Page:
Feeds:
Posts
Comments

UK Roads Minister Jesse Norman doesn’t think enough is being done to dissuade cycling. He is conducting a safety review that may result in some new laws:

A review into cycling safety announced last month would be broad, possibly including whether cyclists should be forced to wear helmets and high-visibility clothing, Norman said. But he promised any conclusions would be led by evidence.

On possible laws for helmets and high-visibility clothing, Norman said the review would “ask very general questions and if the feedback is that we should consider that stuff, then we’ll look at it”.

He added: “Obviously there will be some people who feel very strongly that there should be hi-vis, and there will be plenty of people who think very strongly the other way. It’ll be the same with helmets. The literature on risk is quite a well developed one, I don’t need to tell you.”

Norman’s safety review was triggered by the tragic fatality of a pedestrian, Kim Briggs. She was struck by a cyclist as she crossed against a light. The cyclist was jailed because his bike lacked front brakes. Norman has proposed increased penalties for what he calls “dangerous cycling”.

Advertisements

Anaheim taxpayers are wondering why their city paid for a $108 million parking garage, but Disney gets to keep all the parking revenues:

They zoom into the six-story concrete structure, carloads of costumed kids, foreign tourists and graying baby boomers sporting Mickey Mouse ears, “Frozen” dresses and “Star Wars” backpacks.

The cash pours in too: Each vehicle pays $20 to park at the Mickey & Friends facility, $35 for a preferred space close to the escalators and elevators. Even if the parking garage fills just half its spaces, it would still generate more than $35 million in annual revenue and easily hundreds of millions of dollars over the life of the structure.

That money all goes to Walt Disney Co. The city of Anaheim, which owns the garage and spent $108.2 million to build it, charges the company just $1 a year for the lease.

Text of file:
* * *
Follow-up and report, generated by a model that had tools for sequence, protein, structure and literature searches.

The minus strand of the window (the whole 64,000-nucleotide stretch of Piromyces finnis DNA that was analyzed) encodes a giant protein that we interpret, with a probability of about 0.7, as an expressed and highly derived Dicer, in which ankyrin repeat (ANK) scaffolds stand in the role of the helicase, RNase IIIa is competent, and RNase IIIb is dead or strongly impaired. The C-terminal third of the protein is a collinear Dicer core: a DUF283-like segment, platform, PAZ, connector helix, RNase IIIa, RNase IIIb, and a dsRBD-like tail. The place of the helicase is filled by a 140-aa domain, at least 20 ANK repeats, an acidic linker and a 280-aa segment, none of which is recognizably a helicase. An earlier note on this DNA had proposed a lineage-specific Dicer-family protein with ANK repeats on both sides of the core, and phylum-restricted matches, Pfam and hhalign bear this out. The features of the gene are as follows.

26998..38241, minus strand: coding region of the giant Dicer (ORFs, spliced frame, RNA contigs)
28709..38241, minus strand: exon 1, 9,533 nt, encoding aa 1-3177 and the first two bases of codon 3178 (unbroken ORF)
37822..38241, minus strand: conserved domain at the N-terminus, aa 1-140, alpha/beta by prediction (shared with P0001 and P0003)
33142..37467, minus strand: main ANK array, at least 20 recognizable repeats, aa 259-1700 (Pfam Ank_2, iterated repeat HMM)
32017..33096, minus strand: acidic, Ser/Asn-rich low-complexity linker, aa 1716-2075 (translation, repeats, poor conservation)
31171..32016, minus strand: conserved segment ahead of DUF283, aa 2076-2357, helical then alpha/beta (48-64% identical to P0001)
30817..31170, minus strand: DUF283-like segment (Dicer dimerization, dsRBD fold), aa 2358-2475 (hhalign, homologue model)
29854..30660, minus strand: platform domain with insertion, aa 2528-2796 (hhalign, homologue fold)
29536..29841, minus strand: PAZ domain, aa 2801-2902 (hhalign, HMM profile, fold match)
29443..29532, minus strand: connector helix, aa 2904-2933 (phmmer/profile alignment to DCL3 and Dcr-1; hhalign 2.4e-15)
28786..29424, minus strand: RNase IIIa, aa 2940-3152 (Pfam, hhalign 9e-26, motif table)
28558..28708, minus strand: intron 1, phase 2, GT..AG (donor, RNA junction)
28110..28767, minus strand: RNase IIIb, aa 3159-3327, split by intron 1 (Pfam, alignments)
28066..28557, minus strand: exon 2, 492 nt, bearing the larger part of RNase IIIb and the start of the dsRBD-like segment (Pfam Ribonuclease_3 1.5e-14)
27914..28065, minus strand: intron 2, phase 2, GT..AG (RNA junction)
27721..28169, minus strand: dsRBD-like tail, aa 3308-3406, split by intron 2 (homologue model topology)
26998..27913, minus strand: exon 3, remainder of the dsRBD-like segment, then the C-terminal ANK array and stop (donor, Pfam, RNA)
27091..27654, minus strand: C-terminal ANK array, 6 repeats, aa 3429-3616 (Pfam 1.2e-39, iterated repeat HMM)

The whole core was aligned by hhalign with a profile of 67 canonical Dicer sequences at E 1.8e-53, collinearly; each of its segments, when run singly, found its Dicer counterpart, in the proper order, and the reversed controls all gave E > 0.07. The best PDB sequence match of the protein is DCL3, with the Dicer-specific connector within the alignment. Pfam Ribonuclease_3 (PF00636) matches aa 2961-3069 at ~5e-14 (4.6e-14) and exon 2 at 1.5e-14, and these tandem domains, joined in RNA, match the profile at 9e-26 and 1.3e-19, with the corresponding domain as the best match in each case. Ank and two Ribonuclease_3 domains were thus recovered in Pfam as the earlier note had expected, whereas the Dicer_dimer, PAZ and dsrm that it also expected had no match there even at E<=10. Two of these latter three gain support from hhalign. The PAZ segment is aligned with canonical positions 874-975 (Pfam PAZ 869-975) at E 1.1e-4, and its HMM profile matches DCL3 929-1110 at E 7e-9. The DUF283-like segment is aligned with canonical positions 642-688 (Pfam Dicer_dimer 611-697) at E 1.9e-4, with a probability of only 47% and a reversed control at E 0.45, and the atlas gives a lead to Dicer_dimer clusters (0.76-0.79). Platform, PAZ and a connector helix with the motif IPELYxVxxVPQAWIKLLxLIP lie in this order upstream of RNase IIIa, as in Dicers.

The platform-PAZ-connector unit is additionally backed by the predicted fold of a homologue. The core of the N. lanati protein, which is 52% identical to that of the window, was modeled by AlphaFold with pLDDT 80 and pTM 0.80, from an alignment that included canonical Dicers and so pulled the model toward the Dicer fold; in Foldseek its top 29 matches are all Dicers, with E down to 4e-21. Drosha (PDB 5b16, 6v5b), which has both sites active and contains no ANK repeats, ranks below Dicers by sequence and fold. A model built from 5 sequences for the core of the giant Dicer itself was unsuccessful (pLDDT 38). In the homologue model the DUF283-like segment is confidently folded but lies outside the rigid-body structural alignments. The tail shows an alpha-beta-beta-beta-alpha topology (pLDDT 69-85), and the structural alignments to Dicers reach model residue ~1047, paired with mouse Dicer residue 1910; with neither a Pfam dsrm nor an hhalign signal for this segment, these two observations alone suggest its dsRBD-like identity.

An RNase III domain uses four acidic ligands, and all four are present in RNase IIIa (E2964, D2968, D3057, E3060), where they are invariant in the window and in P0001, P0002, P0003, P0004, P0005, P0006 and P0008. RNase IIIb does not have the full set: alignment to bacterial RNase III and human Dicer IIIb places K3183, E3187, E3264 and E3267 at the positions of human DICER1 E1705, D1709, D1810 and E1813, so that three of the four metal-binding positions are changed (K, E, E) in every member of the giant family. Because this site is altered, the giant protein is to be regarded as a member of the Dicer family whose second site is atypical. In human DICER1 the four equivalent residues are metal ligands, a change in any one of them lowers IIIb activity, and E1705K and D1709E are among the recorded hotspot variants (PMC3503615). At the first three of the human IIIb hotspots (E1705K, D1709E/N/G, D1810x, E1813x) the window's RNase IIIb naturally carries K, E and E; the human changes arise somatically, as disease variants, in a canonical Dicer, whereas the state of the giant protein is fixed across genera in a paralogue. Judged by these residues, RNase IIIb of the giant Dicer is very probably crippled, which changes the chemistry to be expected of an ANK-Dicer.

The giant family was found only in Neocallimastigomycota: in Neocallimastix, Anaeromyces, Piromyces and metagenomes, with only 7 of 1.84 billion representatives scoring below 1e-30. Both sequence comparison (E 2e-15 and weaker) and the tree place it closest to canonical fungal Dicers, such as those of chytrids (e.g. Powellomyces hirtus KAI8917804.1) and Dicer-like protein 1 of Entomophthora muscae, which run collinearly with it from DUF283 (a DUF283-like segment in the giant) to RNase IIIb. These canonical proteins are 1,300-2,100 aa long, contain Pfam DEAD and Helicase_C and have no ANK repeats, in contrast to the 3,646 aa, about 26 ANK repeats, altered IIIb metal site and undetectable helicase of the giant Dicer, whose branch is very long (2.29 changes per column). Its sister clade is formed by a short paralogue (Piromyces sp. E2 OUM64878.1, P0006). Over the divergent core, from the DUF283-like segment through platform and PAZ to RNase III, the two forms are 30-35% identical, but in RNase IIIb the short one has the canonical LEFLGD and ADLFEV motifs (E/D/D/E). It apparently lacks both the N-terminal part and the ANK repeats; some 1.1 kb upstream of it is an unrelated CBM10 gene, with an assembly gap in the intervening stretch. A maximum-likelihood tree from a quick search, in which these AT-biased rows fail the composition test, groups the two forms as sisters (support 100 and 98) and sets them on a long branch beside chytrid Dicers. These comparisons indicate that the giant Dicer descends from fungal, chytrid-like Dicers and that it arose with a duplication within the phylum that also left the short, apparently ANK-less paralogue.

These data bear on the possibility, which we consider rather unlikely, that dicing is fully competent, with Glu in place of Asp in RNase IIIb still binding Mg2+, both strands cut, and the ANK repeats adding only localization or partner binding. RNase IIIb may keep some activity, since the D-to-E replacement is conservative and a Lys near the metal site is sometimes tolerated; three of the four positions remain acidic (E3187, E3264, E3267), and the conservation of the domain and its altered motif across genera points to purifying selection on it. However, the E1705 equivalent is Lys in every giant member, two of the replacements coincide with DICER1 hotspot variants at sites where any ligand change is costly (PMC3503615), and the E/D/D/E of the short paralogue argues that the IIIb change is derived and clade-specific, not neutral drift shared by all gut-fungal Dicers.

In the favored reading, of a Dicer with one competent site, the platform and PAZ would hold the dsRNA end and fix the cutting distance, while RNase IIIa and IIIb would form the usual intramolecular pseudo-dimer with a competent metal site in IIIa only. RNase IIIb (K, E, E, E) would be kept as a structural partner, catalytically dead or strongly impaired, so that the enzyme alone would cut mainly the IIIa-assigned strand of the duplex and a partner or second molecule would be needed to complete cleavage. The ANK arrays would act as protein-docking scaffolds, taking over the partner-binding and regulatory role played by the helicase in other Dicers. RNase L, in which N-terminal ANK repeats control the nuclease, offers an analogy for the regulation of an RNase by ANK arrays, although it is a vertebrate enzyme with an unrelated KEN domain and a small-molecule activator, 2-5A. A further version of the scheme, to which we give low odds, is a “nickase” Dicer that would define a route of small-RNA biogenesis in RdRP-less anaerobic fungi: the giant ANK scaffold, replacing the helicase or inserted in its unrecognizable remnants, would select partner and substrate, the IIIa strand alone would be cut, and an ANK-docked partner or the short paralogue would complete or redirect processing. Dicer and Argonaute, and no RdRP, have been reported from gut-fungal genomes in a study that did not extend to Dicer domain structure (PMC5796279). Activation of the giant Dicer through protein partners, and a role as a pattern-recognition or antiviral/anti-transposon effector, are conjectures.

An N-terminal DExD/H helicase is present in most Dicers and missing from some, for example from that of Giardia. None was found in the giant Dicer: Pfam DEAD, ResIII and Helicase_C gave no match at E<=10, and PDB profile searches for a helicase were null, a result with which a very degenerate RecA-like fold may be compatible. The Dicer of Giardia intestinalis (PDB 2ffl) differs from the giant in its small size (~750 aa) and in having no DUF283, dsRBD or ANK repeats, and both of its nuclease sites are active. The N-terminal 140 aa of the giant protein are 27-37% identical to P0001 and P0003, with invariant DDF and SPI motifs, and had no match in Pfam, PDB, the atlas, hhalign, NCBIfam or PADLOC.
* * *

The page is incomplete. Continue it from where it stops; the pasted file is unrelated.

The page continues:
More than 20 years after Anaheim agreed to pay for the parking facility as part of Disneyland Resort’s expansion, it has become a symbol of the city’s complicated and increasingly tense relationship with its biggest and most powerful corporate citizen.

 

Caltrans has put out a draft version of its statewide rail plan. At first glance, it looks brilliant. They use ideas borrowed from the Swiss, such as pulse scheduling and integrated ticketing. Perhaps someday even 125mph electrified trains running on frequent schedules.

But dig deeper into the actual projects in the 20-year pipeline and it is disappointing. They will mostly throw money at existing Amtrak corridors that have to share track with freight. It is a huge waste of money — for example:

phase2

So after spending $324 million, we get a whopping 2 additional round-trips added to the schedule — in a corridor that will soon have faster and cheaper BART service.

On the list of “low-hanging fruit” for bike projects in Oakland, it is hard to top Joaquin Miller Rd. It is a popular cycling route for accessing parks in the Oakland hills. But the road is grossly overbuilt for the minuscule car traffic it carries — 4 travel lanes, plus parking, and a wide median. As a result, there is a huge amount of speeding. A speed survey found 90% of drivers exceeding the 35 mph speed limit (with 50 mph not uncommon).

A road diet was the obvious solution for reducing speeds and providing improved bike/ped facilities. And so here is the re-striping plan that Oakland’s professional planners came up with:

joaquin_miller

As you can see, the uphill side (shown on the left) retains the two travel lanes. This of course does nothing to slow the speeding. And then there is the mess on the right: they removed one of the travel lanes, but did not use the extra space to create a bike lane. Instead there is a weird median buffer, for what purpose I have no idea.

It is hard to overstate the incompetence shown here. The road is sufficiently wide for buffered bike lanes, or perhaps even parking-protected cycle-track on both sides of the street. Instead we got a useless median buffer. Uphill cyclists are especially vulnerable due to the huge speed differential. And pedestrians will still have to contend with crossing a multi-lane arterial with speeding traffic.

joaquin2

As reported earlier, Nippon Sharyo has been struggling to complete the contract for new FRA-compliant bi-level trains for California. The project was becoming a fiasco, years late and in danger of being canceled altogether.

To salvage the project, it appears that Caltrans is now going with Plan B; i.e. purchase single-level railcars from Siemens instead: